Jane’s Walk 2009 and Vancouver Stories


Thursday, March 5th, 2009 — 11:26am PST
Comments 6

There’s a reason why I have a history category on my site, I love sharing about where I live and how it’s changed, re-shaped and grown over the years.

I think I’ve turned into a decent resource for West End history (although I’m constantly exploring and learning) but with over 20 other neighbourhoods in the city, there’s so much more to explore — this is where Jane’s Walk comes in.

Last May, Think City, along with 600-plus Vancouverites celebrated the legacy of urban activist and writer Jane Jacobs with a series of free walking tours called Jane’s Walks. Over 30 Jane’s Walks were held in neighbourhoods all over the city – from Strathcona to the West End, Commercial Drive to Kitsilano, the Renfrew Ravine to False Creek and including famed Vancouver landmarks such as Nat Bailey Stadium and Wreck Beach.

Each walk was hosted by a citizen who donated their time to bring stories, history and awareness to their place in our city. These hosts included such Vancouver notables as John Atkin, Gordon Price, Wendy Pederson and Ned Jacobs. The result was overwhelming enthusiasm on the part of Vancouverites, with many people attending multiple walks over the two days, despite the rain. Jane’s Walk is held simultaneously in 11 cities across the country and this past year was a first for Vancouver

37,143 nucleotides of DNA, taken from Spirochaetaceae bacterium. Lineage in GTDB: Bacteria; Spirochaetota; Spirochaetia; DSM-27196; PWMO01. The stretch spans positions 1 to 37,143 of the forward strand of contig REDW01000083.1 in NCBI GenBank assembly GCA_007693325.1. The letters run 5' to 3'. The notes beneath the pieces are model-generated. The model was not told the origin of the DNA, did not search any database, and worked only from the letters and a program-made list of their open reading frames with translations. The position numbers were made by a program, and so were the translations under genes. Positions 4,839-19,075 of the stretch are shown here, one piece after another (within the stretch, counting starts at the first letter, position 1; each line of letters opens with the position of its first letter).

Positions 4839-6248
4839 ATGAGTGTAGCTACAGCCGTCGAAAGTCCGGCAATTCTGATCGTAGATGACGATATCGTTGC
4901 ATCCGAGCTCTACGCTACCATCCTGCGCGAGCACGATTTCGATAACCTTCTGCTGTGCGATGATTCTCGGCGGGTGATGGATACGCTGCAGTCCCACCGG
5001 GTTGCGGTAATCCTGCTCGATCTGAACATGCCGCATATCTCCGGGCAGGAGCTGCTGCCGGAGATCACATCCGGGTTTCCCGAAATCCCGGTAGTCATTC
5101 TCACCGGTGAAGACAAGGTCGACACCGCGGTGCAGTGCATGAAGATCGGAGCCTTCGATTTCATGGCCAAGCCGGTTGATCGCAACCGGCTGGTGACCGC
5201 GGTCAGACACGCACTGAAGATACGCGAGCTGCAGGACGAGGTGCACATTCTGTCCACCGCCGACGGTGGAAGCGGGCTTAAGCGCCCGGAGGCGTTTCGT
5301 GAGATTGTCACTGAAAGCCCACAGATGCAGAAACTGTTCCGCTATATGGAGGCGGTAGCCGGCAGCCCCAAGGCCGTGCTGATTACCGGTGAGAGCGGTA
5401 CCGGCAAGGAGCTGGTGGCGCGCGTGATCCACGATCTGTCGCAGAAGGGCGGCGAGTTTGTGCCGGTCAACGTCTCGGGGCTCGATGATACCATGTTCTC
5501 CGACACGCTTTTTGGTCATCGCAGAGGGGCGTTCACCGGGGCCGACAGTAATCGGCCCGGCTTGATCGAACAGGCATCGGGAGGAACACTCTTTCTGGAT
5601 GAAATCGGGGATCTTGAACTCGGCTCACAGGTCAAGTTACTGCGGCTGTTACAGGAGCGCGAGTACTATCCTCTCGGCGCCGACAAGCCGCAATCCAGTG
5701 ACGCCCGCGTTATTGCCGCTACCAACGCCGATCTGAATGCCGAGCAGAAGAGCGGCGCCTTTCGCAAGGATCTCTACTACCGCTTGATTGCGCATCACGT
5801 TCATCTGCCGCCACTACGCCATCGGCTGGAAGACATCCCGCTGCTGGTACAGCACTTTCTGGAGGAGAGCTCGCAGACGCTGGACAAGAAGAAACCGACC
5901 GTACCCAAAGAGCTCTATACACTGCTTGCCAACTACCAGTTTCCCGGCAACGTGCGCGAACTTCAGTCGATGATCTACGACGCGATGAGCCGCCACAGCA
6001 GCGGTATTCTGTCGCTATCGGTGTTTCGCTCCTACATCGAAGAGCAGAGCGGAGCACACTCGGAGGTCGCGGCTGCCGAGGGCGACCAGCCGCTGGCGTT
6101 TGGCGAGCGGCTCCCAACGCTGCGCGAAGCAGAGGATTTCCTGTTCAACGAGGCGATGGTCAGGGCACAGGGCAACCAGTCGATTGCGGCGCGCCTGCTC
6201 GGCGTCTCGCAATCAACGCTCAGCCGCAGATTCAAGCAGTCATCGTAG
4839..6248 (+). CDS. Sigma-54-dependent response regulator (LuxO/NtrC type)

This year citizen volunteers will have the opportunity to lead a walk in their community, sharing their personal history tidbits or where you can find the best cup of coffee or even explaining the differences between Kerrisdale and Marpole, or the Downtown Eastside and the Downtown Lower Eastside. The walks will take place the first weekend in May, and you can find all the details here.